Kokomo Perspective 04 08 2020 E Edition Page A1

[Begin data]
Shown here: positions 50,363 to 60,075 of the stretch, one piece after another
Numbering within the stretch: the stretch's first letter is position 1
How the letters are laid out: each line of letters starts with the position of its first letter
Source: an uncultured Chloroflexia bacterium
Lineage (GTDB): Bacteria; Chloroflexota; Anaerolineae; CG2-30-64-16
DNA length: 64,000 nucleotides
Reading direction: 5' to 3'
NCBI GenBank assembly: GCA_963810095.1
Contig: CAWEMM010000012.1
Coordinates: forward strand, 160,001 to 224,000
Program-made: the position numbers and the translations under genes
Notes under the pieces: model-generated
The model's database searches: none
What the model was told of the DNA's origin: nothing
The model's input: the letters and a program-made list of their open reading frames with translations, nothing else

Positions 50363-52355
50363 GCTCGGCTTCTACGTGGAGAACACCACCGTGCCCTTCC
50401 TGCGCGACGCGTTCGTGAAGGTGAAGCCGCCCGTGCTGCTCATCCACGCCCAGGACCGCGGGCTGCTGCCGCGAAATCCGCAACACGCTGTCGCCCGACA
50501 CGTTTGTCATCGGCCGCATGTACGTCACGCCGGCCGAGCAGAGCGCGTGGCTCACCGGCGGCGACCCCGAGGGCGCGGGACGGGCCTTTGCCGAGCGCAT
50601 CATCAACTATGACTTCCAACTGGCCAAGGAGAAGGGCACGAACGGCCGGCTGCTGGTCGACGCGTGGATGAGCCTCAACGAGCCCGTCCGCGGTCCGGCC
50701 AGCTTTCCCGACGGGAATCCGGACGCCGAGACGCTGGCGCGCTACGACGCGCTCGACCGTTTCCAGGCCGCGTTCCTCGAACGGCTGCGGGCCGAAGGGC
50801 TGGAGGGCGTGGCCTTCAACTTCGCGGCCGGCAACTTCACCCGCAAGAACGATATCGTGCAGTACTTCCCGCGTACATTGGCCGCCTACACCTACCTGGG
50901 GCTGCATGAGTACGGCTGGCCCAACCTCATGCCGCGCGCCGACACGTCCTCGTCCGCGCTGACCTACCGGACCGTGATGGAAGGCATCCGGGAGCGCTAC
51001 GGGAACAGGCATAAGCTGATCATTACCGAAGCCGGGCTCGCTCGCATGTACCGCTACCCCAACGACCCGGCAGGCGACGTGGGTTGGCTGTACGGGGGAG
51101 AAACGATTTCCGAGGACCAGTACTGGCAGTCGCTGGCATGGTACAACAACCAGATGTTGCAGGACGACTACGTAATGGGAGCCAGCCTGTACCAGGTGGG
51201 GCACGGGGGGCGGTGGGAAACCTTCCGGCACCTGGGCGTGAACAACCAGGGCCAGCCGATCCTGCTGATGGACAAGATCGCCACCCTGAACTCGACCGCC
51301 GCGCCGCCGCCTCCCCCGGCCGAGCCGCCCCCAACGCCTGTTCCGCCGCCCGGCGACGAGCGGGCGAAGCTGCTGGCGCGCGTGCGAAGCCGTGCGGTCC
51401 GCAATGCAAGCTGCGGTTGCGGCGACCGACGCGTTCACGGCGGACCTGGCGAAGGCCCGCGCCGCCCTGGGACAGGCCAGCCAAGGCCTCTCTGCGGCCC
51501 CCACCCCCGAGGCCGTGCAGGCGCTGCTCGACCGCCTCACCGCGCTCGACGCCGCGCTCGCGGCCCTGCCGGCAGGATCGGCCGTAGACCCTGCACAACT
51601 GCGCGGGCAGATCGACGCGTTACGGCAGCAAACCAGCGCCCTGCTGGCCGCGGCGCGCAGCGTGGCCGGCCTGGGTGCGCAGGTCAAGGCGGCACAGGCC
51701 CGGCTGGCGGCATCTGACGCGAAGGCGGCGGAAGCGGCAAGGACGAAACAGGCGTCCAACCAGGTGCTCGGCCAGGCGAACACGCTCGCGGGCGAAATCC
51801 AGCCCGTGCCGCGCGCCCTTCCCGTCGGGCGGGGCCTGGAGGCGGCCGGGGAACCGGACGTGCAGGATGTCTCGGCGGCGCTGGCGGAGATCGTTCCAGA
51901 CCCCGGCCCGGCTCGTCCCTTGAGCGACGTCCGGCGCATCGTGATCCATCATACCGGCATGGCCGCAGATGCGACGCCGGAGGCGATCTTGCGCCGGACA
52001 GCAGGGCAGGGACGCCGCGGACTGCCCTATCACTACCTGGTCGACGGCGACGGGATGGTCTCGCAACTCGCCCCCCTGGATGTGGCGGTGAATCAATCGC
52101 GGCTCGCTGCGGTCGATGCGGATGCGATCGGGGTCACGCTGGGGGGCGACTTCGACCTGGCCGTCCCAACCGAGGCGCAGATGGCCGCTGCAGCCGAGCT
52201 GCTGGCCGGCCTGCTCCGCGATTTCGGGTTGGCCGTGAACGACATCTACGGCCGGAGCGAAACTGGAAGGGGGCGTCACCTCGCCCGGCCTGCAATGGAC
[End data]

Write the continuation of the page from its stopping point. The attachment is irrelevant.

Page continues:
As cases of COVID-19 mount and death to- tals creep up around the state, the Howard County Coroner's ice is preparing for a poten- tial need in additional morgue space. Howard County Coro- ner Steve Seele said the county is in the process of procuring a tempo- rary morgue to create additional capacity for holding human remains should the need arise for more space. With spe- cial holding procedures in place for COVID-19 deaths and a string of deaths unrelated to the virus straining local ca- pacities, the coroner said his ice felt the need to prepare. The reason were go- ing ahead and doing it is to be one step ahead of the curve as several counties have done. Be- cause at 2 oclock in the morning I can't flip a switch and say, Get me a morgue here we have to have it in place now, said Seele. The morgue current- ly utilized by the coro- ner's ice, which is in a shared facility with Community Howard Regional Health, has cooler space for two bodies. Recently, the county undertook ef- forts to increase ca- pacity by construct- ing a new morgue in the Howard County Government Building Ventilators represent a critical need as the CO- VID-19 pandemic rages on, and local workers at General Motors are step- ping up in the nations time of need. On March 27, GM and Ventec Life Systems an- nounced the companies would partner to pro- duce VOCSN critical care ventilators in the auto- mobile manufacturers Kokomo facility. Over the years, the GM work- force in the City of Firsts had dwindled from thou- sands to about 180 where it stood recently before the plant was shut down as a precaution against spreading COVID-19. The ventilator produc- tion is expected to boost the workforce operating out of the Kokomo facil- ity to about 1,000. According to United Auto Workers Local 292 President Matt Collins, efforts are underway to prepare workers for their new task, and ventila- tors should be rolling off the lines in the coming weeks. Ive been doing my job as the president for almost 10 years now, and thats been my sole goal since we started is to try and get some work in here When I first got those bids I was like, Great, we inally got some work,' said Collins. Then you think about it for about 30 seconds, and its like this is way bigger than that though. Its great for the community, and its great for the country. To be part of something like that is an incredible op- portunity. Its awesome. Of the 1,000 workers being brought into the Kokomo facility, Collins said the first priority for rehiring went to the 180 local employees who al- ready held positions with GM in Kokomo. The sec- ond priority would go to Marion GM employees In the coming weeks, icials expect a surge in COVID-19 cases. What happens then, they said, depends on how people adhere to social distanc- ing guidelines to limit the virus spread. Last week, government icials, area hospital of- icials, and doctors made it clear during a press conference that the peak of COVID-19 infection is likely to hit soon, be- tween now and April 22, they anticipated. But no one knows sure what that will entail, especially since the height of that infec- tion rate curve could vary drastically. In Howard County, area hospitals have been preparing for this surge in cases, but one message became abundantly clear: if the population isnt proactive about limiting exposure to COVID-19, hospitals cant handle all the cases that are coming. I would say we have what we need, said As- cension St. Vincent Ko- komo President Margie Johnson. But we dont have what we need if we hit that peak. Its about preservation, right? I think a lot of times were hear- ing about the caregivers not having. Were preserv- ing, so were rethinking how we use all of our PPE, all of our supplies. Were rethinking how we re- purpose safely following all the CDC guidelines. But it is a different way of practicing. I would say we have what we need, but were not going to have MORE THAN 31,000 DISTRIBUTED WEEKLY & MORE THAN 350,000 MONTHLY PAGE VIEWS AT KOKOMOPERSPECTIVE.COM Kokomoperspective.com 209 N. Main St. - Kokomo 765.452.0055 April 8, 2020 Need to buy or sell a home? Call Christy Dechert 765.438.7952 SellingKokomo.com 748 S. Washington $150,000 by Devin Zimmerman News Reporter dzimmerman@kokomoperspective.com Area hospitals prepare for COVID-19 surge If curve doesn't flatten, hospitals 'can't care for all the patients' Hospitals A6 Ventilator A6 Morgue A6 by Devin Zimmerman News Reporter dzimmerman@kokomoperspective.com Seele PRSRT STD U.S. POSTAGE PAID KOKOMO, IN PERMIT NO. 60 **************ECRWSSEDDM************** Residential & Business Customer Coroner ordering temporary morgue to prep for COVID-19 Ventilator production breathing new life into Kokomo's GM facility by Devin Zimmerman News Reporter dzimmerman@kokomoperspective.com Jansen's Tax Service 457-3940 1140 N. Phillips St. Kokomo Over 50 years of service! $ 25 00 OFF New Clients Only kp Perspective Photo / Devin Zimmerman CURVE - Dr. Martha Hoshaw displays models for the curve regarding COVID-19 infection as Howard County Health Officer Dr. Donald Zent looks on during a press conference last week. I hope we don't have to use it, but we better do it This is going to ramp up pretty quickly on us.' Perspective Photo / AJ Mast SOLUTIONS - General Motors' employees report to their first day of work Tuesday, March 31, at the GM manu- facturing facility in Kokomo where GM and Ventec Life Systems are partnering to produce Ventec VOCSN critical care ventilators in response to the COVID-19 pandemic. Employees passed through a temperature scanning area upon entering the building, before participating in a Safety Orientation and Training Sessions. UAW Local 292 members training to construct life-saving devices

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